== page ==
A set of guidelines for HSE staff on how to deal with parents who have lost a baby is to be launched this morning.
It’s estimated around 14,500 parents are bereaved in the maternity services every year.
Today’s updated guidelines will detail how to respond to the needs of the parents in a range of situations including fatal foetal abnormalities.
Bereavement care has always been provided by hospital staff here however the HSE says it recognises that care is unstructured and inconsistent.
Around 14,500 parents are bereaved in the maternity services every year in Ireland.
One in 5 pregnancies or 14,000 miscarriages take place every year.
Around 500 baby deaths are classified as perinatal – These included still births, and neonatal deaths of up to 28 days old.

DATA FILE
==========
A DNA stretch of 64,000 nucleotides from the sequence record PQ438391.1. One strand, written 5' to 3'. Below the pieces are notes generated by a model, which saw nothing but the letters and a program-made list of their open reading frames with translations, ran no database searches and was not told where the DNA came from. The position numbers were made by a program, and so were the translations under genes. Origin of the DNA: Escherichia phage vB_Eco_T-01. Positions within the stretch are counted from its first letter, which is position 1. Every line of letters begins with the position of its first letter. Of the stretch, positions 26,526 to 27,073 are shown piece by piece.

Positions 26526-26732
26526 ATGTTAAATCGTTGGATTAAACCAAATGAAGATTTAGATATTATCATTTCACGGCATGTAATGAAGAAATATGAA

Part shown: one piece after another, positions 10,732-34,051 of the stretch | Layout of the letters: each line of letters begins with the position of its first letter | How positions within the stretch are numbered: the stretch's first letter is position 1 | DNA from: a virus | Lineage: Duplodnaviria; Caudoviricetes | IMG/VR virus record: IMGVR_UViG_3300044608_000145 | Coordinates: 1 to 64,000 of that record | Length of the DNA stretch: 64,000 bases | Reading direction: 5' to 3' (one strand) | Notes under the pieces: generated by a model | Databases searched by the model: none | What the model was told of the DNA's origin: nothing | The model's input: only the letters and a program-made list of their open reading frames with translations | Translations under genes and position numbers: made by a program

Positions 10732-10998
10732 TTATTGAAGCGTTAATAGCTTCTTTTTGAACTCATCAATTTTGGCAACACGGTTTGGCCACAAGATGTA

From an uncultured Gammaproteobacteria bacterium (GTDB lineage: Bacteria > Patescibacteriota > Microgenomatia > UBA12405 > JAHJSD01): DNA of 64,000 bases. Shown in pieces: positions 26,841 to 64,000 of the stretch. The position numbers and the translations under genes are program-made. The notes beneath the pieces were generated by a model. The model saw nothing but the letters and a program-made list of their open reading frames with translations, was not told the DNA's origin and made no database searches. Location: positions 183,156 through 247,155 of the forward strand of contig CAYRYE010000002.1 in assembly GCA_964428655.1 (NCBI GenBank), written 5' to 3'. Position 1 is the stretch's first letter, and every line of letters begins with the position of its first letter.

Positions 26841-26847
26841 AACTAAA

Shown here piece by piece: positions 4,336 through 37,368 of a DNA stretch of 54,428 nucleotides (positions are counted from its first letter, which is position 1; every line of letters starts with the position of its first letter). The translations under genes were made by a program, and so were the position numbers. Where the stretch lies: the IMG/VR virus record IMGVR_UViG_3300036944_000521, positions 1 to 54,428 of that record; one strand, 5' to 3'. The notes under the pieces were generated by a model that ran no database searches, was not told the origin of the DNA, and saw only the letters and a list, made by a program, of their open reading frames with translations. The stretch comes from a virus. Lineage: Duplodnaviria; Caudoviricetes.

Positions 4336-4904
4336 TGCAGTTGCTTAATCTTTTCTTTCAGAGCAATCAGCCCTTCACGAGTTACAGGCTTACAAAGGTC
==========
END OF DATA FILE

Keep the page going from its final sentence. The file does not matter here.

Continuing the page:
Health Minister Simon Harris and HSE director general Tony O’Brien will jointly launch the ‘Standards for Bereavement Care Following Pregnancy Loss and Perinatal Death’ this morning .
It will clearly define the care parents and families can expect to receive following a pregnancy loss or perinatal death. For the first time it will cover the area of fatal foetal abnormality.
The development is likely to be welcomed by women’s rights groups.